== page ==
Please use this identifier to cite or link to this item: http://hdl.handle.net/1893/24666
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dc.contributor.advisorRoss, Alasdair-
dc.contributor.advisorPenman, Michael-
dc.contributor.authorHodgson, Victoria Anne-
dc.date.accessioned2016-12-13T08:59:30Z-
dc.date.issued2016-08-
dc.identifier.urihttp://hdl.handle.net/1893/24666-
dc.description.abstractThis thesis is an examination of the Cistercian abbey of Coupar Angus, c.1164-c.1560, and its place within Scottish society. The subject of medieval monasticism in Scotland has received limited scholarly attention and Coupar itself has been almost completely overlooked, despite the fact that the abbey possesses one of the best sets of surviving sources of any Scottish religious house. Moreover, in recent years, long-held assumptions about the Cistercian Order have been challenged and the validity of Order-wide generalisations disputed. Historians have therefore highlighted the importance of dedicated studies of individual houses and the need to incorporate the experience of abbeys on the European ‘periphery’ into the overall narrative. This thesis considers the history of Coupar in terms of three broadly thematic areas. The first chapter focuses on the nature of the abbey’s landholding and prosecution of resources, as well as the monks’ burghal presence and involvement in trade. The second investigates the ways in which the house interacted with wider society outside of its role as landowner, particularly within the context of lay piety, patronage and its intercessory function. The final chapter is concerned with a more strictly ecclesiastical setting and is divided into two parts. The first considers the abbey within the configuration of the Scottish secular church with regards to parishes, churches and chapels. The second investigates the strength of Cistercian networks, both domestic and international. Through the exploration of these varied aspects, this study demonstrates that while Coupar maintained a strong sense of Cistercian identity and a European outlook, it was also highly enmeshed in and profoundly influenced by its immediate environment. The nature of Coupar’s experience was shaped by its locality, just as the abbey, in turn, had a reciprocal impact on its surroundings. Coupar was both a Cistercian house and a distinctively Scottish abbey.en_GB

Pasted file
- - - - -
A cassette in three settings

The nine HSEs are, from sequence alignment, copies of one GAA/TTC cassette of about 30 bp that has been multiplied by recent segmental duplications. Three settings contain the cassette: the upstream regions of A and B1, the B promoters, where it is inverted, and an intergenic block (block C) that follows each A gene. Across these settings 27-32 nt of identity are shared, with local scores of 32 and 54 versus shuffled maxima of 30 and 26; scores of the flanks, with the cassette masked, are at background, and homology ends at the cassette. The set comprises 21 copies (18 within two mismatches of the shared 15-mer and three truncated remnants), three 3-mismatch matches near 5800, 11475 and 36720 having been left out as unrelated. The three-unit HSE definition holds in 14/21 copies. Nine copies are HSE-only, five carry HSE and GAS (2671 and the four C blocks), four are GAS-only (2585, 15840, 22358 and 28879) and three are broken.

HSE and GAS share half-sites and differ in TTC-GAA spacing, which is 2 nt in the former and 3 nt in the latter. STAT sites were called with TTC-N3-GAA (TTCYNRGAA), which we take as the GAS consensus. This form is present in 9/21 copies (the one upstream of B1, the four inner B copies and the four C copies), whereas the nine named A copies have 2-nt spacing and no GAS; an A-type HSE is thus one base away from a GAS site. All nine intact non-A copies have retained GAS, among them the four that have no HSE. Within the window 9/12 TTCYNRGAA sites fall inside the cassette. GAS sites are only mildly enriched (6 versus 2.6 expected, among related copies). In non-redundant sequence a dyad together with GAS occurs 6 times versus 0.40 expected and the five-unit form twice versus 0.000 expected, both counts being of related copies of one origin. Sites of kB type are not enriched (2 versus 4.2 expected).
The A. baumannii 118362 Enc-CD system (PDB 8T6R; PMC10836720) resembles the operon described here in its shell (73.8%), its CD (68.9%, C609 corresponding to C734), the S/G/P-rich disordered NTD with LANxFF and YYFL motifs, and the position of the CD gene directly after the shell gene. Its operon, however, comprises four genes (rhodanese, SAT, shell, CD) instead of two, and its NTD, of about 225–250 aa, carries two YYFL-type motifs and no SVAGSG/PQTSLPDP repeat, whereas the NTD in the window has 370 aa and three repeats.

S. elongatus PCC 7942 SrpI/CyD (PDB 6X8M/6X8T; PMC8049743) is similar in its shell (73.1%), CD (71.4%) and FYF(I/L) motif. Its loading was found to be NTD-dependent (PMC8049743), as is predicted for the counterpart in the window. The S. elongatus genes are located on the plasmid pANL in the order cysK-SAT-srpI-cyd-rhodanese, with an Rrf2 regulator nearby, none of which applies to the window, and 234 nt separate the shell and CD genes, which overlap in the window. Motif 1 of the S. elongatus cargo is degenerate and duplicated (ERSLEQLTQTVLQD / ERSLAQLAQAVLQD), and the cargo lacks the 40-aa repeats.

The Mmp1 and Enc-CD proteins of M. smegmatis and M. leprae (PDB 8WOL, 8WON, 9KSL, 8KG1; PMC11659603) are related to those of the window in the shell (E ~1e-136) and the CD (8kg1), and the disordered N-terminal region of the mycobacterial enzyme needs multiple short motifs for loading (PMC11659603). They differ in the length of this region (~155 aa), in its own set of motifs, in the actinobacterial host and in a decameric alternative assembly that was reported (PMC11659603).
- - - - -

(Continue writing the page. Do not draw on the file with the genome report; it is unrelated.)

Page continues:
dc.language.isoenen_GB
dc.publisherUniversity of Stirlingen_GB
dc.subjectCisterciansen_GB
dc.subjectmonasticismen_GB
dc.subjectmedievalen_GB
dc.subjectScotlanden_GB
dc.subjectpietyen_GB
dc.subjectchurchen_GB
dc.subjecttradeen_GB
dc.subjectlandholdingen_GB
dc.subject.lcshMonasticism and religious orders Scotlanden_GB
dc.subject.lcshScotland Religion History 1057-1603en_GB
dc.subject.lcshCistercians Scotlanden_GB
dc.subject.lcshCoupar Angus Abbey (Coupar Angus, Scotland)en_GB
dc.titleThe Cistercian Abbey of Coupar Angus, c.1164-c.1560en_GB
dc.typeThesis or Dissertationen_GB
dc.type.qualificationlevelDoctoralen_GB
dc.type.qualificationnameDoctor of Philosophyen_GB
dc.rights.embargodate2018-11-30-
dc.rights.embargoreasonAt the request of the author the thesis has been embargoed for [number of months/years] on the grounds of a Publication Exception to the RCUK required 12 month maximum. RCUK have agreed that, at the discretion of the University, authors can request a short extension up to a further year beyond this 12 months. Only in very exceptional rare circumstances can a thesis be placed under an embargo longer than a total of 24 months.en_GB
dc.contributor.funderAHRC-
dc.author.emailvickiuk@hotmail.comen_GB
dc.rights.embargoterms2018-12-01en_GB
dc.rights.embargoliftdate2018-12-01-
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